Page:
Grant Shapps: To ask the Secretary of State for Work and Pensions what expenditure under what budgetary headings was incurred by her Department in relation to the National Employment Partnership meeting held on 11 February 2009. 
Mr. Grieve: To ask the Secretary of State for Justice how many people were (a) prosecuted for and (b) convicted of (i) offences of violence against the person and (ii) sexual offences in each of the last 10 years for which figures are available. 
Mr. Straw: The number of persons who were proceeded against at magistrates courts and found guilty at all courts by selected offence groups in England and Wales, for the years 1998 to 2007 (latest available) is shown in the following table.
The Sexual Offences Act 2003 significantly modernised and strengthened the laws on sexual offences in England and Wales to provide extra protection to children from sexual exploitation. This makes direct comparisons with previous legislation very difficult. Many new offences created by the Act will not have a direct equivalent under the old legislation.
These data are on the principal offence basis. The figures given in the table on court proceedings relate to persons for whom these offences were the principal offence for which they were dealt with. When a defendant has been found guilty of two or more offences, the offence selected is the one for which the heaviest penalty is imposed. Where the same disposal is imposed for two or more offences, the offence selected is the offence for which the statutory maximum penalty is the most severe.
|N umber of persons who were proceeded against at magistrates courts and found guilty at all courts for sexual offences and violence against the person in England and Wales, 1998 to 2007( 1,2,3)|
|Proceeded against||Found guilty|
|Sexual offences( 4,5)||Violence against the person( 6)||Sexual offences( 4,5)||Violence against the person( 6)|
|(1) The figures given in the table on court proceedings relate to persons for whom these offences were the principal offences for which they were dealt with. When a defendant has been found guilty of two or more offences it is the offence for which the heaviest penalty is imposed. Where the same disposal is imposed for two or more offences, the offence selected is the offence for which the statutory maximum penalty is the most severe.|
(2) Sexual offences and Violence against the person include Indictable only and triable-either way offences. Indictable only are the most serious breaches of the criminal law and must be dealt with at the Crown court. Triable-either-way offences may be tried either the Crown court or at magistrates courts. The offence groups do not include summary offences.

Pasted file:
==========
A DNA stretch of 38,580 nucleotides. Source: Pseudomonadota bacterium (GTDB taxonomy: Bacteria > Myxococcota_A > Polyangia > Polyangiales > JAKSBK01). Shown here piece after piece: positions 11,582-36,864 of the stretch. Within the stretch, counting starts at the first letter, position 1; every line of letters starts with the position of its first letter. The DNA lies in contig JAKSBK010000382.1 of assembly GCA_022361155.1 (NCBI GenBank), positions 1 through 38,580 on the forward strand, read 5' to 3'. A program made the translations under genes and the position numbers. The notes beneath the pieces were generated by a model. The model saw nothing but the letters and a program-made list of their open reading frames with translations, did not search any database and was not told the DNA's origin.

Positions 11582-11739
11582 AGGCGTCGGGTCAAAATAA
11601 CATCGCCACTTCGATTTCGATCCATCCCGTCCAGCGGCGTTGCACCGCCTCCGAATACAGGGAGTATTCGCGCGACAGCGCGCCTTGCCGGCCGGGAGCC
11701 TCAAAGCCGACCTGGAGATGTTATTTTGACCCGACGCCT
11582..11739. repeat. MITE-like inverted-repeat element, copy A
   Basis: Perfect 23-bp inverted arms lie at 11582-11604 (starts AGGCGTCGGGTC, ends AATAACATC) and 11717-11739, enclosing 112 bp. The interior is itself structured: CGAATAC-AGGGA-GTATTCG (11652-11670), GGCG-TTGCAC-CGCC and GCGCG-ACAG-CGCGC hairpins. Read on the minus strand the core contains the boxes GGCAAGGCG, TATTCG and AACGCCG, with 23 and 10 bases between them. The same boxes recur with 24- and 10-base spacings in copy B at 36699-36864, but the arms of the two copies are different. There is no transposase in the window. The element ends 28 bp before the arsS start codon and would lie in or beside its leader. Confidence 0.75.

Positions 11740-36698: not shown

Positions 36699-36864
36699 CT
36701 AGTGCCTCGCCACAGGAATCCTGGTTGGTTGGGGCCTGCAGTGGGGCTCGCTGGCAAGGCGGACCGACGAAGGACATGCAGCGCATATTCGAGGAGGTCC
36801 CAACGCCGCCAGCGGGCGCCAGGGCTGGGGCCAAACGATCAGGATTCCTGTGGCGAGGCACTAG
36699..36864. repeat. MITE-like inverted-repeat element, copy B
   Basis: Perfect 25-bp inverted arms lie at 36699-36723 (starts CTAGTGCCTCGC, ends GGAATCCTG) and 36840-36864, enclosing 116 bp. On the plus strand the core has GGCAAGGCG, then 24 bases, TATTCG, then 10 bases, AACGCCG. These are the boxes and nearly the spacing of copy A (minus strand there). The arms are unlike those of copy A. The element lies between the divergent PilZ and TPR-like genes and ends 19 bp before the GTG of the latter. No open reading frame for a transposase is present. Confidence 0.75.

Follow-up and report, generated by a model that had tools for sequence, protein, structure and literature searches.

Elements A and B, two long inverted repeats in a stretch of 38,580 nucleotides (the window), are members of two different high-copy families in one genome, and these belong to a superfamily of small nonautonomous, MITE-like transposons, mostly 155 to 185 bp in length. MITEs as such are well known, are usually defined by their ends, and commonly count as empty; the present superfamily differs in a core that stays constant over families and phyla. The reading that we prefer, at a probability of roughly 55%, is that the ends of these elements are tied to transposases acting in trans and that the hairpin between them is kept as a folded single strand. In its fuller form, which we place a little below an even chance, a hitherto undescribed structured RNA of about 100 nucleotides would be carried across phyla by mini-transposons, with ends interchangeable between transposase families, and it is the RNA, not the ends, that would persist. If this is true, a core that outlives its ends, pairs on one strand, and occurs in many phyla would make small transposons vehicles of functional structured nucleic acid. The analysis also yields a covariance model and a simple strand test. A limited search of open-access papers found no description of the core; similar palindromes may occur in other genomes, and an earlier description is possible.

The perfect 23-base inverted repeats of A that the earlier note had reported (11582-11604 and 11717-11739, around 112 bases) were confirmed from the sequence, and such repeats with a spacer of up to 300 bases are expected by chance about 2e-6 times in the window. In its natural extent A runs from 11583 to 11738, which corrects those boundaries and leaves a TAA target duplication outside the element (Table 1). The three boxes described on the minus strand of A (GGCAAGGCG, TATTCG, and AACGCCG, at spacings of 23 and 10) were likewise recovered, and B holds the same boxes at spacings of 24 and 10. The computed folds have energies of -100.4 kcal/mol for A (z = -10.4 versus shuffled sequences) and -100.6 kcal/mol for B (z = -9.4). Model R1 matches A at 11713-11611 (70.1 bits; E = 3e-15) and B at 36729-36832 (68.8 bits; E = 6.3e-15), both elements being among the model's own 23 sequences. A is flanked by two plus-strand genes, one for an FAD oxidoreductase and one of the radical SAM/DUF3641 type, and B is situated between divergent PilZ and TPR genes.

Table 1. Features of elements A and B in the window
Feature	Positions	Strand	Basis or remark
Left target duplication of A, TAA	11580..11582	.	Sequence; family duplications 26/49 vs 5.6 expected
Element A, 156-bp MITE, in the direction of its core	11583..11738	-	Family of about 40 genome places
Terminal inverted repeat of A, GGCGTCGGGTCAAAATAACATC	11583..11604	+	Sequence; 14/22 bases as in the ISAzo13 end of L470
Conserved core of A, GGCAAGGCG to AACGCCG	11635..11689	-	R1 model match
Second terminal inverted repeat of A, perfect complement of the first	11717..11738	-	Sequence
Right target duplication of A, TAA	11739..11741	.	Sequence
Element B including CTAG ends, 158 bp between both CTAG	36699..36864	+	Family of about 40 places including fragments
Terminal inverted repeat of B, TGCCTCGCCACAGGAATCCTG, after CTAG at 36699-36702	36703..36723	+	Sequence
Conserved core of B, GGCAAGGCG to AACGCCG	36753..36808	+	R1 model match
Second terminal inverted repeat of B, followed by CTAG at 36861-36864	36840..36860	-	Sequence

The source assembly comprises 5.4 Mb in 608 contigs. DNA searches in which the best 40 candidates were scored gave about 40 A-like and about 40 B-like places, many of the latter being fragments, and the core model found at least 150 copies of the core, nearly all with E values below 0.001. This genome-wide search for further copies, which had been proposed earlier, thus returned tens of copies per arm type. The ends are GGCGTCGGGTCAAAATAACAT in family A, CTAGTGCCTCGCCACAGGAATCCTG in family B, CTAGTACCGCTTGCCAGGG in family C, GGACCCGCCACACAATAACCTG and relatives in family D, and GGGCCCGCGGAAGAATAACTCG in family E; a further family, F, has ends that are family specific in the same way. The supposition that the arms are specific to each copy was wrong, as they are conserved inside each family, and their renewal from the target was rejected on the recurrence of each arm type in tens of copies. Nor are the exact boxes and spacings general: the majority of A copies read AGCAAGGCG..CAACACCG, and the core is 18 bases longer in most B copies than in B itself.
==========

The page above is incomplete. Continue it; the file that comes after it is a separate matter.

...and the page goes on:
(3) Every effort Is made to ensure that the figures presented are accurate and complete. However, it is important to note that these data have been extracted from large administrative data systems generated by the courts, and police forces. As a consequence, care should be taken to ensure data collection processes and their inevitable limitations are taken into account when those data are used.
(4) The Sexual Offences type includes data for the Sexual Offences Act 2003, which came into force on 1 May 2004. The Sexual Offences Act 2003 represented a major overhaul of the law and so comparisons with old offending regimes can be misleading.
( 5) Sexual Offences offence type includes the following offences:
Sexual Assault on a Male
Indecency between Males
Rape of a Female
Rape of a Male
Sexual Assault on a Female
Sexual Activity with child under 13
Sexual Activity with child under 16
Familial Sexual Offences (Incest)
Exploitation of Prostitution
Soliciting of women by Men
Sexual activity etc. with a person with a mental disorder
Abuse of children through prostitution and pornography
Trafficking for sexual exploitation
Abuse of trustsexual offences
Gross Indecency with Children
Miscellaneous sexual offences
( 6) Violence against the person offence type includes the following offence classes:
Threat or Conspiracy to Murder
Causing Death by Dangerous Driving
Manslaughter Due to Diminished Responsibility
Causing Death by Careless Driving when under the Influence of Drink or Drugs
Causing Death of a child or vulnerable person
Wounding or other act Endangering Life
Endangering Railway Passenger
Endangering Life at Sea
Malicious Wounding etc.
Cruelty to or Neglect of Children
Abandoning Child aged under Two Years
Procuring Illegal Abortion
Concealment of Birth
Causing Death by Aggravated Vehicle Taking
(7) Staffordshire police force were only able to submit sample data for persons proceeded against and convicted in the magistrates courts for the year 2000. Although sufficient to estimate higher orders of data, these data are not robust enough at a detailed level and have been excluded from the table.
OCJRE and A: Office for Criminal Justice ReformEvidence and Analysis Unit, Ministry of Justice